Further, section 102(b)(1) of the JOBS Act exempts emerging growth companies from being required to comply with new or revised financial accounting standards until private companies (that is, those that have not had a Securities Act registration statement declared effective or do not have a class of securities registered under the Exchange Act) are required to comply with the new or revised financial accounting standards. The JOBS Act provides that a company can elect to opt out of the extended transition period and comply with the requirements that apply to non-emerging growth companies but any such an election to opt out is irrevocable. The Company has elected not to opt out of such extended transition period which means that when a standard is issued or revised and it has different application dates for public or private companies, the Company, as an emerging growth company, can adopt the new or revised standard at the time private companies adopt the new or revised standard. This may make comparison of the Company’s financial statements with another public company which is neither an emerging growth company nor an emerging growth company which has opted out of using the extended transition period difficult or impossible because of the potential differences in accountant standards used.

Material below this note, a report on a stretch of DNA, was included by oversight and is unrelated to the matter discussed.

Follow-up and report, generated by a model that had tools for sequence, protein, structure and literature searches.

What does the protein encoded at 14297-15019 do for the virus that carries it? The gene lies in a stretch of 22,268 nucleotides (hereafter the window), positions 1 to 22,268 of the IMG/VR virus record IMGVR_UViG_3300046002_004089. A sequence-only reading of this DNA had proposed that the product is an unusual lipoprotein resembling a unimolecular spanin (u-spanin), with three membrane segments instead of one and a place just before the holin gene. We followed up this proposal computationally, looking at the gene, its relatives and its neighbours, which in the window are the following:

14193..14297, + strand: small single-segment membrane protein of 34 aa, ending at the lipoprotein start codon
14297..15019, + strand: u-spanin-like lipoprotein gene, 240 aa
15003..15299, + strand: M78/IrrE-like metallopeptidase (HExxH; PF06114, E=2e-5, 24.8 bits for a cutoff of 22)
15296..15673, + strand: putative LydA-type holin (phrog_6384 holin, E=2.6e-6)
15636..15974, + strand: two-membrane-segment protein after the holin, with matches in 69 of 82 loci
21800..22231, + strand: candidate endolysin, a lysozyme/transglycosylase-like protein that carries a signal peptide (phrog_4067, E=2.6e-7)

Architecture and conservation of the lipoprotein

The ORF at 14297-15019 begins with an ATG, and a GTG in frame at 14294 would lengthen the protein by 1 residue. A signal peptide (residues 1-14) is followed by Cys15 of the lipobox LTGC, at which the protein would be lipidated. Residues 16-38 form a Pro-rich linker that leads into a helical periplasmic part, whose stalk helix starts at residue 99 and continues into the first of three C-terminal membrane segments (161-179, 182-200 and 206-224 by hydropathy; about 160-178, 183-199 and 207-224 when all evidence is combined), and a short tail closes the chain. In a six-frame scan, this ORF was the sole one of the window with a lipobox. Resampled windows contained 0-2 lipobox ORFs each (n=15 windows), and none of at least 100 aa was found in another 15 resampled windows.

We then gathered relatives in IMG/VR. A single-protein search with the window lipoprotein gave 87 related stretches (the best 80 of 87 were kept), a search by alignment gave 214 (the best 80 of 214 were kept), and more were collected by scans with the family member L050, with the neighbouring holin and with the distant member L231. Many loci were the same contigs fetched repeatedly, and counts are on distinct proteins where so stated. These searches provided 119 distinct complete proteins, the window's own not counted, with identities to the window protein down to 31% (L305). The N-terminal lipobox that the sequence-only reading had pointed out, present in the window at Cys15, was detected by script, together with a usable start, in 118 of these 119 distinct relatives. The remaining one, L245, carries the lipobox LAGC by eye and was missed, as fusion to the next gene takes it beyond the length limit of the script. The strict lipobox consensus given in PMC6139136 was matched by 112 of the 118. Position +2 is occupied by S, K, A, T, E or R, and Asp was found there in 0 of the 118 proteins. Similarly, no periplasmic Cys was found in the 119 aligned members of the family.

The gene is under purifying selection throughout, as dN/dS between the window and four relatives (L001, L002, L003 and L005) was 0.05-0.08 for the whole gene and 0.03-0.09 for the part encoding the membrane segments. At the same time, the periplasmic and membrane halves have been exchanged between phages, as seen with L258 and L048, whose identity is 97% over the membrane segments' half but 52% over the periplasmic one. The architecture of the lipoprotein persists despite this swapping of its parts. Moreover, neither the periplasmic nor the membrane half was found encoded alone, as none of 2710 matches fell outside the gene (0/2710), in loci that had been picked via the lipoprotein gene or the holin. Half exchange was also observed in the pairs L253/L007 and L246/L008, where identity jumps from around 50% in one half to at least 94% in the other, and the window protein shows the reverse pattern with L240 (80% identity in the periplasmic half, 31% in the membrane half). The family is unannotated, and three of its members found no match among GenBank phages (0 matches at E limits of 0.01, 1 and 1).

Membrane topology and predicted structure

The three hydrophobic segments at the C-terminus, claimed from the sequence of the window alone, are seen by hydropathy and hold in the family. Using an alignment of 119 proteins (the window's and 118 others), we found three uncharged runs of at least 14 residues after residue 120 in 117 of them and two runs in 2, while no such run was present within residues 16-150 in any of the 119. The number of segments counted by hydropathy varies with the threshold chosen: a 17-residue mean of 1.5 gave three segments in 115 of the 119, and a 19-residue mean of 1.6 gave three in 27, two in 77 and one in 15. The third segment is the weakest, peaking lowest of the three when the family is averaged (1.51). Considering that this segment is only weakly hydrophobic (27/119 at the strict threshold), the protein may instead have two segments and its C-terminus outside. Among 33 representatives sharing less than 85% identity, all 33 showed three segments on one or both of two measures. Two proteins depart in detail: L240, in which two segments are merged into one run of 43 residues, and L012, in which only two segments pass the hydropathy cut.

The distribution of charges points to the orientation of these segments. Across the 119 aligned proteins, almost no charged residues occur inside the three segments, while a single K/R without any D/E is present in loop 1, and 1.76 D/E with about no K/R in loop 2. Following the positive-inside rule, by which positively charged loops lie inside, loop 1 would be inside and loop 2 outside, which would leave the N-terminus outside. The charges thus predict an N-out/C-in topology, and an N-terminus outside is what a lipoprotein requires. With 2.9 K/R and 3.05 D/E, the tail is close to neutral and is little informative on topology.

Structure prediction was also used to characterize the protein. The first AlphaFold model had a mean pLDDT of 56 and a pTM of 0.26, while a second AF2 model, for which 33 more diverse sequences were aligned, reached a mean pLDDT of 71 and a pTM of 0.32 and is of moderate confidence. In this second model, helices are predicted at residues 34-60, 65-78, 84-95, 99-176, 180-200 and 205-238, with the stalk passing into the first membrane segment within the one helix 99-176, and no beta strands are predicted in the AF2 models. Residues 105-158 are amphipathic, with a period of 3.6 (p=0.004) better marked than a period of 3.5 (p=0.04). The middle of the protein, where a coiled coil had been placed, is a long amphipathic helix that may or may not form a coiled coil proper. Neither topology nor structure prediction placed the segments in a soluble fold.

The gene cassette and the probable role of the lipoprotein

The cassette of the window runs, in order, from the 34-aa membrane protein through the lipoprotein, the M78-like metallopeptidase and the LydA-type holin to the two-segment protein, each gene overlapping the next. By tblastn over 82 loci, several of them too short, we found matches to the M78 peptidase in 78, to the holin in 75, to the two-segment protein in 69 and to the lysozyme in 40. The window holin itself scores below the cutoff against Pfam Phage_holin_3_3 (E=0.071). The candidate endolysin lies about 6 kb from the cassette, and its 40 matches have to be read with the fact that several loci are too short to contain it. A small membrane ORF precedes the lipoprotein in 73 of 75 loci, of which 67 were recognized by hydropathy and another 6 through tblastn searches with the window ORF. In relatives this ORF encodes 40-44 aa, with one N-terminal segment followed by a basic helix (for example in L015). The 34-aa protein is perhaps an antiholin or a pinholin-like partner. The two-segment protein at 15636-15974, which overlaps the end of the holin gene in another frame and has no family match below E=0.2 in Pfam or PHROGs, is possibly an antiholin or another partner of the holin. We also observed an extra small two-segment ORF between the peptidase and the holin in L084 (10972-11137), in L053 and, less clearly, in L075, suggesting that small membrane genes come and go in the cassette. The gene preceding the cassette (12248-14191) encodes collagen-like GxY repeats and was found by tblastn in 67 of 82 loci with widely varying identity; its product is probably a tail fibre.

Cash and Cash equivalents

The Company considers cash equivalents to be all short-term investments with an original maturity of three months or less when purchased. The Company did not have any cash equivalents as of December 31, 2020 and 2019.

Cash consists of proceeds from the Public Offering and Private Placement held outside of the Trust Account and may be used to pay for business, legal and accounting due diligence for the Business Combination and continuing general and administrative expenses.

Concentration of Credit Risk

Financial instruments that potentially subject the Company to concentrations of credit risk consist of cash accounts with a financial institution which may exceed the Federal depository insurance coverage of $250,000. The Company has not experienced losses on these accounts and the Company believes that it is not exposed to significant risks on such accounts.

Fair Value of Financial Instruments